The operation of presumptions in the context of capital offences raises issues of greater complexity. The rule of evidence that it is the accused who must prove a general or special exception does appear to be in violation of both equal protection and the potential right against cruel and inhuman punishment. Just why the accused must bear the burden for general and special exceptions but not for elements of the offence has never been rationally explained. A credible case can surely be made that visiting the death penalty on an offender where there is in existence reasonable doubt violates the protection against cruel and inhuman punishment. Like the murder provisions in the Penal Code, the governing provision in the Evidence Act was not one which was consciously deliberated upon in any of our representative bodies. The presumptions in the Misuse of Drugs Act cannot be so cursorily disposed of.

One of them was challenged without success in Ong Ah Chuan. In a ruling which has become more quoted (elsewhere) now for what the law should no longer be, the Privy Council declared that so long as there was some evidence logically probative of guilt, presumptions pose no constitutional problems. There was no such thing as a “presumption of innocence”, nor did the Privy Council deem it important, or indeed relevant, that the death penalty followed on conviction. History was not to be kind to the Privy Council – all over the world, constitutional courts and human rights instruments were soon to elevate the presumption of innocence to a fundamental right, just as the move to scrutinise death penalty process more stringently than ordinary criminal process gathered momentum.

No convincing reason has ever been advanced for the necessity of these presumptions, nor have the serious ethical problems in ignoring the existence of reasonable doubt ever been addressed.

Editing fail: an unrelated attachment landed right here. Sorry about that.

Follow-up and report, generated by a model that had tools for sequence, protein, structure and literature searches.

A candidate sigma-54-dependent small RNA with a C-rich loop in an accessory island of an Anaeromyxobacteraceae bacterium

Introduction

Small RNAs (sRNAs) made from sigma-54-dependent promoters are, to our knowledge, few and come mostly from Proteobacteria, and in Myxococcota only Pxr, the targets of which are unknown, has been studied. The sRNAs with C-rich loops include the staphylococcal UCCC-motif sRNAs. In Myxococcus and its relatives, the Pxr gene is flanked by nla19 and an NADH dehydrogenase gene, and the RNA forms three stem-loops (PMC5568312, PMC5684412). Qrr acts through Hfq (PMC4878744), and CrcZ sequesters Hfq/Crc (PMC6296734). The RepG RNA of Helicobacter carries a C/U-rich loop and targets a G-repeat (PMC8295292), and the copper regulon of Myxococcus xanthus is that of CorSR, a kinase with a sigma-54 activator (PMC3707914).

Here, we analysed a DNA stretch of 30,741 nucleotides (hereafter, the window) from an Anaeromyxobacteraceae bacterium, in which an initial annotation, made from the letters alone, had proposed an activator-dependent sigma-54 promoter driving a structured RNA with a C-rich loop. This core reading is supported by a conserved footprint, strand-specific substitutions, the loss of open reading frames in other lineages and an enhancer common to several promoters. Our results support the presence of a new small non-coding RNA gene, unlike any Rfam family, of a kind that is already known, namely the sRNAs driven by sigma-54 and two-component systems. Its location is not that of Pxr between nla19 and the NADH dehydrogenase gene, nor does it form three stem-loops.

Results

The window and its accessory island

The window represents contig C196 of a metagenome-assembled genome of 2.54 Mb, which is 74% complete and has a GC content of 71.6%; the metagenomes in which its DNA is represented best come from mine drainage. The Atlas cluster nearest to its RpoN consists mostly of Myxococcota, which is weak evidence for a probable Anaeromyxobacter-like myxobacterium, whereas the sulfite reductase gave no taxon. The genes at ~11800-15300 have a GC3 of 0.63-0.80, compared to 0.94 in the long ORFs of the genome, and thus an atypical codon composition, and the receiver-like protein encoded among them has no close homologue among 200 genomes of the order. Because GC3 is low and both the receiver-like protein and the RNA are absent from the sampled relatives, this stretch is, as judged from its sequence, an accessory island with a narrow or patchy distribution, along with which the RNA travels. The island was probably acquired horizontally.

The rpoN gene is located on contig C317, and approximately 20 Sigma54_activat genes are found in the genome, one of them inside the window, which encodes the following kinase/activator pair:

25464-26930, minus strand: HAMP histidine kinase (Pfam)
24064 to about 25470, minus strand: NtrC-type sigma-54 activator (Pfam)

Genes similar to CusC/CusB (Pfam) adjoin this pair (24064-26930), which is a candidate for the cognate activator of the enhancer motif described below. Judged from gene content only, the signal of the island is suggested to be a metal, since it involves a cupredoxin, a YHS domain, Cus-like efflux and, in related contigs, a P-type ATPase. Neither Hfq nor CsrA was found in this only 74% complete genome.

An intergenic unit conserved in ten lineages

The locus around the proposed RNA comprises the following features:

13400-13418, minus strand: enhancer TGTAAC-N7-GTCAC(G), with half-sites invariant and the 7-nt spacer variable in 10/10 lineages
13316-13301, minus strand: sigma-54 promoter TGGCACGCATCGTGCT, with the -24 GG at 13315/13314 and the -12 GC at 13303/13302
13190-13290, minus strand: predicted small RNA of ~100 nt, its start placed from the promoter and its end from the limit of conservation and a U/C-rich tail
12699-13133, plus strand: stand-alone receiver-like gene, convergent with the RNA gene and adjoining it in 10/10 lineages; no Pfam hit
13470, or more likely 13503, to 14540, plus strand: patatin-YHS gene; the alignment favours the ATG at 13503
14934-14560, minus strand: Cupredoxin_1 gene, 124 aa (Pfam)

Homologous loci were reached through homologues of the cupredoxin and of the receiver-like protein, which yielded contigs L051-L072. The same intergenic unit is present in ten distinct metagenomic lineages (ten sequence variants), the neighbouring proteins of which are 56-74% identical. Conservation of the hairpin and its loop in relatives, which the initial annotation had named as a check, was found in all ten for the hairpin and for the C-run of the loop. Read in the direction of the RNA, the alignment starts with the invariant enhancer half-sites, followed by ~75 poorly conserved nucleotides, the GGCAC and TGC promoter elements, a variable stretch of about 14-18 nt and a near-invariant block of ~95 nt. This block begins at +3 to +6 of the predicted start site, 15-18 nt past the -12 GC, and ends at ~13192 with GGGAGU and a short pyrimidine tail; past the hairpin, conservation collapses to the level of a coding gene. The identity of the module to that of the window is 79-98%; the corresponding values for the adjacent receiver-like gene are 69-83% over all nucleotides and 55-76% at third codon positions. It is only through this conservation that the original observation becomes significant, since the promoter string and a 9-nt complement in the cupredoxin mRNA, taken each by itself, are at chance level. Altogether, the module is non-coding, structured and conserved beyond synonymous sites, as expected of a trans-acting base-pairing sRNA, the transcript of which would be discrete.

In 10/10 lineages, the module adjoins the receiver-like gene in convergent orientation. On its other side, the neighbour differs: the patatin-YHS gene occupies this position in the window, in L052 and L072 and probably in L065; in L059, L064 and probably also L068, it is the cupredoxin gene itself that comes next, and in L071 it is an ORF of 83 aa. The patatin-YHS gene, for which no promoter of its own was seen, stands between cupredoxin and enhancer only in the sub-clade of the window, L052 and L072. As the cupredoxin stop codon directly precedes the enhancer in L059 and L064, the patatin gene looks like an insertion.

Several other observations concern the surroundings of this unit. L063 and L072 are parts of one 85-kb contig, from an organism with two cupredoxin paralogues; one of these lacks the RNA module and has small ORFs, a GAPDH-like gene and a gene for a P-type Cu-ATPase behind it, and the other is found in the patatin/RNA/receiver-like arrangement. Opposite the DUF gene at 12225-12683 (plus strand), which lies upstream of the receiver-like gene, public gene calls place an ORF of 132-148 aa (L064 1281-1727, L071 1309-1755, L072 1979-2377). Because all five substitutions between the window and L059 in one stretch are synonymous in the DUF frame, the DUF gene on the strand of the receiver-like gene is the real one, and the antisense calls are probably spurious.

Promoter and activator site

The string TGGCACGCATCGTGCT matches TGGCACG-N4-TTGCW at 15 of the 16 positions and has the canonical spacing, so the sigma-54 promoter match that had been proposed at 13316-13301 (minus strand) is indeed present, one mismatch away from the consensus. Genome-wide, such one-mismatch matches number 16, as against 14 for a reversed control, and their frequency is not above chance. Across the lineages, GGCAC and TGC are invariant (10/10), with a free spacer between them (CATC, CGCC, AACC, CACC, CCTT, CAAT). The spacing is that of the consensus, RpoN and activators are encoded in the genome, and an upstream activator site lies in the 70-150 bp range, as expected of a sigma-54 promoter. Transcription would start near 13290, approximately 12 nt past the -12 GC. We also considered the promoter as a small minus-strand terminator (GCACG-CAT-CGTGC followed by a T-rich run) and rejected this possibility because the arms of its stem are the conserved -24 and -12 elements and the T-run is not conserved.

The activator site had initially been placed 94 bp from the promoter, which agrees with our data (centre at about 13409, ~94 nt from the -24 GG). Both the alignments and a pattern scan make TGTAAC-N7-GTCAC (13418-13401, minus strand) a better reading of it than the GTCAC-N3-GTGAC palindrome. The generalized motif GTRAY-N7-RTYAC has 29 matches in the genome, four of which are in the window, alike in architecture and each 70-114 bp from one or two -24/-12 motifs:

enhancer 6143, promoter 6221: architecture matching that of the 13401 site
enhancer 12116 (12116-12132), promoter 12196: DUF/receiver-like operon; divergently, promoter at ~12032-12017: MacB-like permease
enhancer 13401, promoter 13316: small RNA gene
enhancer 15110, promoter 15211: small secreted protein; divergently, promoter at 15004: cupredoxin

Yet, here the courts must move cautiously. Whatever the Judiciary, or anyone else, might think, the drug presumptions were introduced by a conscious and deliberated decision in Parliament. This does not of course mean that the courts must never strike down such legislation, but it does mean that if the courts choose to act at all, they must do so with a clear idea of what the ultimate result of their intervention might be.

Death in Singapore and the world

There is no doubt that a worldwide movement to abolish or at least restrict the use of the death penalty has gathered considerable momentum. Entire continents frown at its use and many jurisdictions which do retain it do so only for most heinous murders and the like. There are retentionist strongholds, especially in Asia, but there few if any with Singapore’s level of economic and social development which use the death penalty as much as Singapore does.

Singapore’s closest comparisons in terms of development and culture are probably Japan, which executes very few people and only for aggravated murder; South Korea, which is retentionist for murder but has had a moratorium in place since 1998; and Hong Kong, which is abolitionist and executed its last offender in 1966.Yet, no Singaporean would think twice about visiting these countries for fear of being victims of crime.

The Nguyen decision reveals an interesting ambivalence – there were near simultaneous pronouncements that Singapore courts must abide by international norms, but that if there were to be a clash between domestic law and international norms, domestic law must prevail.

Singapore desires to be like the developed economies of Asia and the West, but at the same time jealously guards its peculiar political culture, one which appears to have been untouched by the passage of almost half a century. People who argue that economic and social development must always bring with it political change have surely not been right, but are we to believe that economic and social change can be for all time hermetically sealed from political repercussions? It must be right that Singapore is not to change its behaviour simply because another country or an international organisation tells it to do so – that would be foolish. Yet, it must also be prudent to listen to what others have to say to us and to observe what they are doing in their own jurisdictions in order to reflect on how we can improve the governance of Singapore – to do otherwise would also be foolish.